Trigger finger is a condition affecting one or more of the tendons of the hand. The affected finger or thumb is difficult and painful to bend. If the tendon gets swollen and irritated it may “get stuck” in the tunnel it operates through (the tendon sheath). This can make it hard to move the afflicted finger or thumb, and lead to a clicking sensation.
Trigger finger is also known as stenosis tenosynovitis. It habitually affects the thumb, ring finger or/and little finger. The condition may affect both hands simultaneously. It’s more common in the right hand, as it is statistically more used. It could be uncomfortable to the point that it affects the way you perform your daily activities.
The discomfort may ease on its own after a few days, but the condition can still recur and may take several months to go away completely. In severe cases, a trigger finger may become permanently stuck in an awkward position thus needing a trigger finger release. According to orthopedic surgeons from Raleigh Orthopaedic Surgery Center, this surgical procedure, also called tenolysis, is done to correct the condition, especially if day-to-day tasks that require hand use have become increasingly difficult.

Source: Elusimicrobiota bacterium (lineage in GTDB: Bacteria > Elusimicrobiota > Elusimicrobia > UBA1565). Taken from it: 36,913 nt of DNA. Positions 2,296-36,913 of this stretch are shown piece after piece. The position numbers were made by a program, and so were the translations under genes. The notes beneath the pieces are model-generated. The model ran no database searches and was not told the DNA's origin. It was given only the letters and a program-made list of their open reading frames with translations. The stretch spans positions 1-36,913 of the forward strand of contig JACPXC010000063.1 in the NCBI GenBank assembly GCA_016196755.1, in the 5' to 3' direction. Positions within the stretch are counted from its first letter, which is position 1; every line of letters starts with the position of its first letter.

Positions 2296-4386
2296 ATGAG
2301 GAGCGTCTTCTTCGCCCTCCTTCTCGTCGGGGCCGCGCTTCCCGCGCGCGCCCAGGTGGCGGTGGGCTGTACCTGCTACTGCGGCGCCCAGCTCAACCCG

According to the National Center for Biotechnology Information, trigger finger affects people between the ages of 40 or 50. Women are more likely to develop this condition than men and it typically affects their dominant hand.
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